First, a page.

Phonics and phonemic awareness and high frequency words – oh my! There’s lots to learn about the science of reading, and these three terms are very often sprinkled into its research. And although you hear about these three aspects a lot, there’s actually much more to it than that. Today, we’re going to cover what I call The Big Five – five essential components of literacy that help students become well-rounded readers.
Before we head into The Big Five components of literacy, let’s define phonics, phonemic awareness, and high frequency words first. Considering phonics and phonemic awareness are part of The Big Five, we’ll start with high frequency words. High frequency words are exactly what you’d expect – words that occur very frequently in reading and writing.
There are two categories of high frequency words. The first is phonetically decodable words. These are high frequency words that – you guessed it – can be decoded (examples include yes, him, with.) The second type of high frequency words are ones that have irregular spellings. These words need to be memorized and learned by heart, because we can’t phonetically decode the entire word (examples include said, come, was). High frequency word instruction is important to reading development and can be implemented soon in the reading journey. But when we are talking about the heart of reading – we focus on The Big Five: phonics, phonemic awareness, fluency, comprehension, and vocabulary. Come on – let’s unpack!
What are "the Big five"?
Focusing on these five components of literacy truly help readers become well-rounded. In this blog post, you’ll find definitions of each of The Big Five, why they’re important for readers, and ways you can teach them.
1. Phonemic Awareness
Phonemic awareness refers to the knowledge of letter sounds in spoken words and the ability to manipulate those sounds. When students have a solid foundation of phonemic awareness, they understand that spoken words are made up of individual sounds called phonemes. They also understand that each word is made up of a series of sounds strung together. It’s good to remember that phonemic awareness is practiced orally and auditorily- there’s no implementation of print quite yet.
Why it’s important: Studies show that phonemic awareness is directly correlated to future reading success. There’s no use in skipping phonemic awareness, as it’s an essential step to reading success.
Print comes in when students learn phonics, which is our second component of The Big Five. Phonics refers to the knowledge of letter sounds and the ability to apply that knowledge to decoding unfamiliar printed words. The focus with phonics is on the letter-sound relationships. This is when children begin to understand that the words they see on the page (the print) is made up of sounds. They are literally focusing on how sounds look in writing! Therefore, phonics is all visual and auditory, For a select few students, phonics comes naturally. But for the vast majority of kids, they must be taught phonics instruction explicitly. That is, the letter and letter combinations that represent the 44 sounds/phonemes in the English language.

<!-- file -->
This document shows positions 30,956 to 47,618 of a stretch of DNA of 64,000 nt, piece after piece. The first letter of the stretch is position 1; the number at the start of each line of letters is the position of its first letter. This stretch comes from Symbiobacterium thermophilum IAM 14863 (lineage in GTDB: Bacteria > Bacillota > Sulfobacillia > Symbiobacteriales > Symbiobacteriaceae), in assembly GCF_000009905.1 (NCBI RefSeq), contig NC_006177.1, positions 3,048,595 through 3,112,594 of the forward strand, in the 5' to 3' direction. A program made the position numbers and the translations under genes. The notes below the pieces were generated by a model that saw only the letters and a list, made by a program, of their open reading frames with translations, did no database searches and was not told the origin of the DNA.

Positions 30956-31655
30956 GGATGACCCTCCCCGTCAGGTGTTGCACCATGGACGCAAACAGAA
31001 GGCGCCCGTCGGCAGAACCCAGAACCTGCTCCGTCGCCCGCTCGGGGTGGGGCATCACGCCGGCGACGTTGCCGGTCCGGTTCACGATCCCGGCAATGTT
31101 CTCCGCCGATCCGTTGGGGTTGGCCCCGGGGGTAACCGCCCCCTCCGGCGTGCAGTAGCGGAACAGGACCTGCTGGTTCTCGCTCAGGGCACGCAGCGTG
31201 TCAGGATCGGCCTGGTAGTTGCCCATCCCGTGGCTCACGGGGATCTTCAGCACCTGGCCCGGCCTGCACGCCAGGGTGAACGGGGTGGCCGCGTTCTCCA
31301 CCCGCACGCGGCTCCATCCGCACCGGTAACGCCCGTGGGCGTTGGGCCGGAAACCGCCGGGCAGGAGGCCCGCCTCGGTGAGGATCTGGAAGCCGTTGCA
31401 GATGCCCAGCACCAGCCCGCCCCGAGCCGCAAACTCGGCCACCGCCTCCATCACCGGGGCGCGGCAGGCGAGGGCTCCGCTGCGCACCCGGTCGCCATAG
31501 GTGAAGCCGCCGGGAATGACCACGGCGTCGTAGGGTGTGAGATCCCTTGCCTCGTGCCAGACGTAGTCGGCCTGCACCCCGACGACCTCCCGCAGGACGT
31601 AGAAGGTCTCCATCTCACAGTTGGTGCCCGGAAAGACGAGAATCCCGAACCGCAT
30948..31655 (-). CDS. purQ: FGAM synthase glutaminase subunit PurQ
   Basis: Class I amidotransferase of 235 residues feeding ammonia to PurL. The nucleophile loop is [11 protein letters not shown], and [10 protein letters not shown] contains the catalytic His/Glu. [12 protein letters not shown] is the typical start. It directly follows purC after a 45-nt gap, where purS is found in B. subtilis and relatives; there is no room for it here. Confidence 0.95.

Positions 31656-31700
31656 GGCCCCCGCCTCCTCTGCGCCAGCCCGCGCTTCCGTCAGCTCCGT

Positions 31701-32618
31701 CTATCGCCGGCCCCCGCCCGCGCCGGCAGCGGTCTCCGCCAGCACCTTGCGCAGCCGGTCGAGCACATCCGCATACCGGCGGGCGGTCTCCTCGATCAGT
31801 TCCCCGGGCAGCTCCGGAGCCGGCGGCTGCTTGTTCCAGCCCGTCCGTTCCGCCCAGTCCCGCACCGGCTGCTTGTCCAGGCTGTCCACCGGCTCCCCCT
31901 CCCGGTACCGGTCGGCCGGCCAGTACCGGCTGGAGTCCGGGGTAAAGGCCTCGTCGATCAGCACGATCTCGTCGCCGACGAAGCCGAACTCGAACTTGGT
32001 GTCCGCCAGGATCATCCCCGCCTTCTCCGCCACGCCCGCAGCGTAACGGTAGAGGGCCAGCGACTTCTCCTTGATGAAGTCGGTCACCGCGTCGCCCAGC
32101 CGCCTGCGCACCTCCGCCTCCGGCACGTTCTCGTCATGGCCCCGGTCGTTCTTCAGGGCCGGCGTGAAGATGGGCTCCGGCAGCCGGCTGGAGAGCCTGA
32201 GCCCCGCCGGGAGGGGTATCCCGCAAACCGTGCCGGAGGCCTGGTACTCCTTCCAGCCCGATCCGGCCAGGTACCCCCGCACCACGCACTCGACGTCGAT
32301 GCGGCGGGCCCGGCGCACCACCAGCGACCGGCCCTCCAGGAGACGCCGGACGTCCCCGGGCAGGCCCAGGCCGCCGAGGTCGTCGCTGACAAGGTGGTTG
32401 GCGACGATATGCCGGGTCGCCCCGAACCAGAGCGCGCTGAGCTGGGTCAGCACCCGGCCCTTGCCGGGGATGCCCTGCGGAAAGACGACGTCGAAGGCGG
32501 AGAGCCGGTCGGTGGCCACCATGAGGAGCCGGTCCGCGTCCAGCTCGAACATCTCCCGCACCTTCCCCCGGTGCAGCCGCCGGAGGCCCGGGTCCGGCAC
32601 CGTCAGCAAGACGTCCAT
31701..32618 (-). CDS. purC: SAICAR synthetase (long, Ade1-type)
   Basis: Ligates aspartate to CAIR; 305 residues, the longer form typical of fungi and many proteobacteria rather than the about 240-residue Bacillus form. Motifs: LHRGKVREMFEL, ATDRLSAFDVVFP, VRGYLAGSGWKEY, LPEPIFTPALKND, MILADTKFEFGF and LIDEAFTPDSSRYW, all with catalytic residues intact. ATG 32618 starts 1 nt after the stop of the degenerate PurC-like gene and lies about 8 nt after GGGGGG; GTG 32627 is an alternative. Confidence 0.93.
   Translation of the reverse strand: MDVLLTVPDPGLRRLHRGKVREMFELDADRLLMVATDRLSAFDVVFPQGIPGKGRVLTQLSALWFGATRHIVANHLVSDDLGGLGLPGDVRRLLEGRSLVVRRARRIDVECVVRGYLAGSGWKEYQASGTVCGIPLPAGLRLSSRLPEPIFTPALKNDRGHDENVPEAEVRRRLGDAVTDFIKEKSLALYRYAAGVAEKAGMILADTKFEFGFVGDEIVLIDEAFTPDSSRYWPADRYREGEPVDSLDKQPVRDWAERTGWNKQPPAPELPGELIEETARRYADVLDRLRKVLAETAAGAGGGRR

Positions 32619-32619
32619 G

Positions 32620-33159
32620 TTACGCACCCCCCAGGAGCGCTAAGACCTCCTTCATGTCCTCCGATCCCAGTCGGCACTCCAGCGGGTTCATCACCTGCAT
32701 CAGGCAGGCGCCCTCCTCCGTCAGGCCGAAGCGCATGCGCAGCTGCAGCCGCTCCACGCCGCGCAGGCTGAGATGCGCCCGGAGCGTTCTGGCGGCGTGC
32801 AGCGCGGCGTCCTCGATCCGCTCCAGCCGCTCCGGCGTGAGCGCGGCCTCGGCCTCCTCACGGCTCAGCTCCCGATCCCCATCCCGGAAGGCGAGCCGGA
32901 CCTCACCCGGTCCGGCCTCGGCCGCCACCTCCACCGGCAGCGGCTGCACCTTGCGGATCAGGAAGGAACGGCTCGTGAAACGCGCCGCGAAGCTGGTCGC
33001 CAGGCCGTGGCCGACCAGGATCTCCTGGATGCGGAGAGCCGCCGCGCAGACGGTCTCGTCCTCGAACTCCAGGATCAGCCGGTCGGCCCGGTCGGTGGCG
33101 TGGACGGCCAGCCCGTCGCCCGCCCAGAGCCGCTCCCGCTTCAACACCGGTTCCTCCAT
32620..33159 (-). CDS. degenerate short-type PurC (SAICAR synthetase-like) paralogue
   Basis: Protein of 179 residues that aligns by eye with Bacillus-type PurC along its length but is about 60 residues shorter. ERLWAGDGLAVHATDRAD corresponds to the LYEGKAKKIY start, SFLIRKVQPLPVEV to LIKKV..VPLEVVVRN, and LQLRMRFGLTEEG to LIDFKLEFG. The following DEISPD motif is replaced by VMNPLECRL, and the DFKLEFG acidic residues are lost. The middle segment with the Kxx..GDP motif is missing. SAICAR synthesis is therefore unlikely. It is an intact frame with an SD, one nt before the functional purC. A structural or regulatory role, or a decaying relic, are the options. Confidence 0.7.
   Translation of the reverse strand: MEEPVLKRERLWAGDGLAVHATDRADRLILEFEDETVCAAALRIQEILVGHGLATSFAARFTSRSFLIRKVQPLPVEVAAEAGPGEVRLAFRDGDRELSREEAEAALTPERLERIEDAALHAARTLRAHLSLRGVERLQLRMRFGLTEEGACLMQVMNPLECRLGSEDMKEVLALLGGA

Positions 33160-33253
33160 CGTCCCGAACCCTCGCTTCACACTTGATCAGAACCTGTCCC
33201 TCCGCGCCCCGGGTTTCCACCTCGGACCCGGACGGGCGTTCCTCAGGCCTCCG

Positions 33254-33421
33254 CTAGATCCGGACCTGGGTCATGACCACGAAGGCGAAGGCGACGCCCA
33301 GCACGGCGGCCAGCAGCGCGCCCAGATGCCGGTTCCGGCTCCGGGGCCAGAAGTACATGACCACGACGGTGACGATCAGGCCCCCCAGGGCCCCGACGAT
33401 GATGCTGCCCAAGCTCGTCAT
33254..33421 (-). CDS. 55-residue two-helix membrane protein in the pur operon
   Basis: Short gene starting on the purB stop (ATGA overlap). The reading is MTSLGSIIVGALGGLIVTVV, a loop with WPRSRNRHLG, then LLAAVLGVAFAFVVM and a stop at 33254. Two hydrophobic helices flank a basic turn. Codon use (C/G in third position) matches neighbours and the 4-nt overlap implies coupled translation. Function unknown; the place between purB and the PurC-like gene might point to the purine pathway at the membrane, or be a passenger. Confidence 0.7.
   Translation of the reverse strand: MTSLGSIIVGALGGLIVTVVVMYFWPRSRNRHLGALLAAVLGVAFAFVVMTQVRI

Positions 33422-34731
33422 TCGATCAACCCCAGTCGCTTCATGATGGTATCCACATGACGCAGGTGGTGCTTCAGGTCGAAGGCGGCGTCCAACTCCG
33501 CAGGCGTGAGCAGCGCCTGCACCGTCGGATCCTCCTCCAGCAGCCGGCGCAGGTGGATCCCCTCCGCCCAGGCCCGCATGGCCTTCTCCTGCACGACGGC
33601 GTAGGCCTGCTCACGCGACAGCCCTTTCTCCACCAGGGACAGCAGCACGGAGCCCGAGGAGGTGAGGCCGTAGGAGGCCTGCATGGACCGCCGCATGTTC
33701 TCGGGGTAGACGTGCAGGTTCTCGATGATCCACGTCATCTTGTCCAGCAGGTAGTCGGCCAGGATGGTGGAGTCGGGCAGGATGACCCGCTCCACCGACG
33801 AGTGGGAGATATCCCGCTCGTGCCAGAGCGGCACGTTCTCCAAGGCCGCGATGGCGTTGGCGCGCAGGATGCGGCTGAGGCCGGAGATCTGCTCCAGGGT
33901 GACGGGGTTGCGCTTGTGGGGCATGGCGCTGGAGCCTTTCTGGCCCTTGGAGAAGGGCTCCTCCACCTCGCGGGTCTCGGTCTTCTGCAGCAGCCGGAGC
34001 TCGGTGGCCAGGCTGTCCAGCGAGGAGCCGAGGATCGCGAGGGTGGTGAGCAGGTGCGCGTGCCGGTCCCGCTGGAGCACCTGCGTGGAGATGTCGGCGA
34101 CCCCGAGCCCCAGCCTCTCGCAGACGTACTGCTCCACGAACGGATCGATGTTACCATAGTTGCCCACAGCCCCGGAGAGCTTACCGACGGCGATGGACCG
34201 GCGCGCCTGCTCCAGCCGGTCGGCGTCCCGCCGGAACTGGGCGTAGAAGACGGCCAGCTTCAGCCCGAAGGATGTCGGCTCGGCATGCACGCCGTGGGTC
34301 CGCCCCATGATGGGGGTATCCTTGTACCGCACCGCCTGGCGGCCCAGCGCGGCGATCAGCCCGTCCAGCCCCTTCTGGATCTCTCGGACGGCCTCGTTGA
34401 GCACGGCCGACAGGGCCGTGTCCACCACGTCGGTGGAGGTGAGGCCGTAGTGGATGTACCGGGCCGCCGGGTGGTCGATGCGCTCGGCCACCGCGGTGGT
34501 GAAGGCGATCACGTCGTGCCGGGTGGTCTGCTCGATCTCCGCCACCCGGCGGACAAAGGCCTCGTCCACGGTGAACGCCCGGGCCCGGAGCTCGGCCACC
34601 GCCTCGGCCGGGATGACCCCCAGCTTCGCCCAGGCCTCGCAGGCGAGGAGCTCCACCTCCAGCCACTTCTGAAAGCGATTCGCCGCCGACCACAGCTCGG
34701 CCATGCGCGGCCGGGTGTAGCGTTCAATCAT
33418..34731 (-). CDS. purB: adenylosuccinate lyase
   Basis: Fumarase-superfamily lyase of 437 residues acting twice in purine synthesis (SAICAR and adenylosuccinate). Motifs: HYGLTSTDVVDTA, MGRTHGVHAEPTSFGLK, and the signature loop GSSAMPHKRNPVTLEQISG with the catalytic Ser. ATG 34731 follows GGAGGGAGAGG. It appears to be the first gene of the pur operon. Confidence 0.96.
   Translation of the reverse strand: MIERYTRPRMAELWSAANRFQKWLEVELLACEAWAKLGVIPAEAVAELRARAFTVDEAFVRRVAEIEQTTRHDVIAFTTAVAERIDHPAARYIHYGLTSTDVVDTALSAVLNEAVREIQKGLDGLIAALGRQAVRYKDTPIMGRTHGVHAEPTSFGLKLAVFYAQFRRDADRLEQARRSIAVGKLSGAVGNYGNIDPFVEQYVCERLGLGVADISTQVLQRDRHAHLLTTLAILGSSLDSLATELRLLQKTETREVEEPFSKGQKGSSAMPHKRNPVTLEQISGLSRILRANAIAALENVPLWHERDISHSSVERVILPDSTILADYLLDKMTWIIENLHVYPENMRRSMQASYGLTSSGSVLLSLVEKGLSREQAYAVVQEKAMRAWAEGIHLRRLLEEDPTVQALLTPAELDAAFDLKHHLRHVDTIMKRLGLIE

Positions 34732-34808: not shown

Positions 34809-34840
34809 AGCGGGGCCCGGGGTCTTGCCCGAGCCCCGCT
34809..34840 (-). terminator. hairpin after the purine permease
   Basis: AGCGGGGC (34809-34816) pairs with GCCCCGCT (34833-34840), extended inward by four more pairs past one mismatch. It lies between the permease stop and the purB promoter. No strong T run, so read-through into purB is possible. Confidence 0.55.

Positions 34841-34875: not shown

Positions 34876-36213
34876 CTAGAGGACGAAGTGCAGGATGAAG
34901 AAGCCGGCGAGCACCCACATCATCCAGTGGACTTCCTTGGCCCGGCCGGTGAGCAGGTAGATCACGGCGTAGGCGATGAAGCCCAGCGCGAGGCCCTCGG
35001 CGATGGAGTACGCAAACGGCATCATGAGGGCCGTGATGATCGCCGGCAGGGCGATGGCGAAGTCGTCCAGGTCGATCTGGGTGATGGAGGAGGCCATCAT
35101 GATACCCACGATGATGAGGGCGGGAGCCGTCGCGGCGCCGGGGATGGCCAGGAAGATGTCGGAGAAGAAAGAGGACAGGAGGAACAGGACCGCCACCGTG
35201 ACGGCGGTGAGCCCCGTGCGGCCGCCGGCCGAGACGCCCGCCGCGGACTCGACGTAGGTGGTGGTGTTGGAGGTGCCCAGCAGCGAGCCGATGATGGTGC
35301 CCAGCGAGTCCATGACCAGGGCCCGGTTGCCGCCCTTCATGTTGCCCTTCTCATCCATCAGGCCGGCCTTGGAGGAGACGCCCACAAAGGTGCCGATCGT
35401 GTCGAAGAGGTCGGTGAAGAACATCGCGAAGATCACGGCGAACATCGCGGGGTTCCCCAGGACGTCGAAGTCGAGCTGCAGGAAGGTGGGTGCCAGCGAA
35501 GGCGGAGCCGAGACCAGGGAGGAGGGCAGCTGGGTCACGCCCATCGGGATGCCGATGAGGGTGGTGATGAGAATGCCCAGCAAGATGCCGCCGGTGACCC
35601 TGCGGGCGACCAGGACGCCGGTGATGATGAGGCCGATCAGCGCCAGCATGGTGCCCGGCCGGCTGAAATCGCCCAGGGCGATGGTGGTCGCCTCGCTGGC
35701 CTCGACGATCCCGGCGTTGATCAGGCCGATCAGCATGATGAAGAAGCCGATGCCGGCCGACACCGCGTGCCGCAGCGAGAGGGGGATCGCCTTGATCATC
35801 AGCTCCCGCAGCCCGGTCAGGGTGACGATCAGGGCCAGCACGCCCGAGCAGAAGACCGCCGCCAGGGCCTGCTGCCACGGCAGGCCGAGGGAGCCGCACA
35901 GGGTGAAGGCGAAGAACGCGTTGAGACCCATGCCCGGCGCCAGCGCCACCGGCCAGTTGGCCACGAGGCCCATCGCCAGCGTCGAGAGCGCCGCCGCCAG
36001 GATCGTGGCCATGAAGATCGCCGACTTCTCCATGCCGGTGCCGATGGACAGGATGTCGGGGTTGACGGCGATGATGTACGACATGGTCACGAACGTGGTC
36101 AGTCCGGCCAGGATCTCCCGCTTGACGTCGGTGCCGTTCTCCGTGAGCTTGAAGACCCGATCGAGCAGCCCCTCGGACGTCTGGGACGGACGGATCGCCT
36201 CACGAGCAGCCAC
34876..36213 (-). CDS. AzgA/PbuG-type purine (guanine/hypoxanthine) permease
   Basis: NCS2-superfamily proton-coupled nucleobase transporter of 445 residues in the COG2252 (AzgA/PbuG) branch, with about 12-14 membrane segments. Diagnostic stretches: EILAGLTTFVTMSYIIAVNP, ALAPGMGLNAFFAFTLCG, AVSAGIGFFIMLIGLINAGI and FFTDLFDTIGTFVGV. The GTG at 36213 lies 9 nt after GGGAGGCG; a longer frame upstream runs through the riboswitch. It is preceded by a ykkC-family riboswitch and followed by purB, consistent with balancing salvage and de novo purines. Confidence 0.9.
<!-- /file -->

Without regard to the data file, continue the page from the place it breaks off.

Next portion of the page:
Why it’s important: Phonics is when reading comes to life – students are decoding and encoding while looking at print, and actually learning how to read. These skills are essential for reading when they come across unfamiliar words.
Fluency is another part of The Big Five and is the ability to read with speed, accuracy, expression, smoothness, and meaning. As you can see, fluency may take a bit to master. When students read fluently, they read at a good pace, with clarity, use inflection, and speak smoothly. It takes a lot of work, but when students finally get there, fluency opens the doors to other literacy components as you’ll soon read about.
Why it’s important: When talking about fluency, the important aspects truly are endless. First, fluency encourages students to read naturally and in a way that’s appropriate. This is beneficial for when students read a variety of texts – from nonfiction to poetry. Second, fluency improves on a variety of reading tools. It helps students decode, comprehend, and gain confidence. Third, fluency bridges the gap between decoding words and comprehending. When a child is in the early stages of reading, he or she will spend lots of time decoding all (or at least most) of the words. But when fluency is mastered, students aren’t spending a ton of time decoding because they’re reading smoothly. With all of this ease, students are then able to spend their time comprehending a text and reading for information and meaning – their brains aren’t working as hard to decode anymore. That’s why fluency is the key to mastering all other literacy skills.
And speaking of other literacy skills, comprehension is up next on our list of The Big Five. Comprehension is when students are reading for information and reading to interpret a text’s meaning. And friends – this is why we teach our students how to read. The reason why we take such time, care, and effort into teaching our students how to read is because we know the gift it gives them. It gives them the gift of being informed or enjoying a book for fun or pleasure. Comprehension swings the door wide open for them to enjoy literature, learn new things, and explore new worlds. Fluency and comprehension (and vocabulary – which we will get to next) are all connected together so that readers can be successful at not only decoding accurately, but also reading for meaning.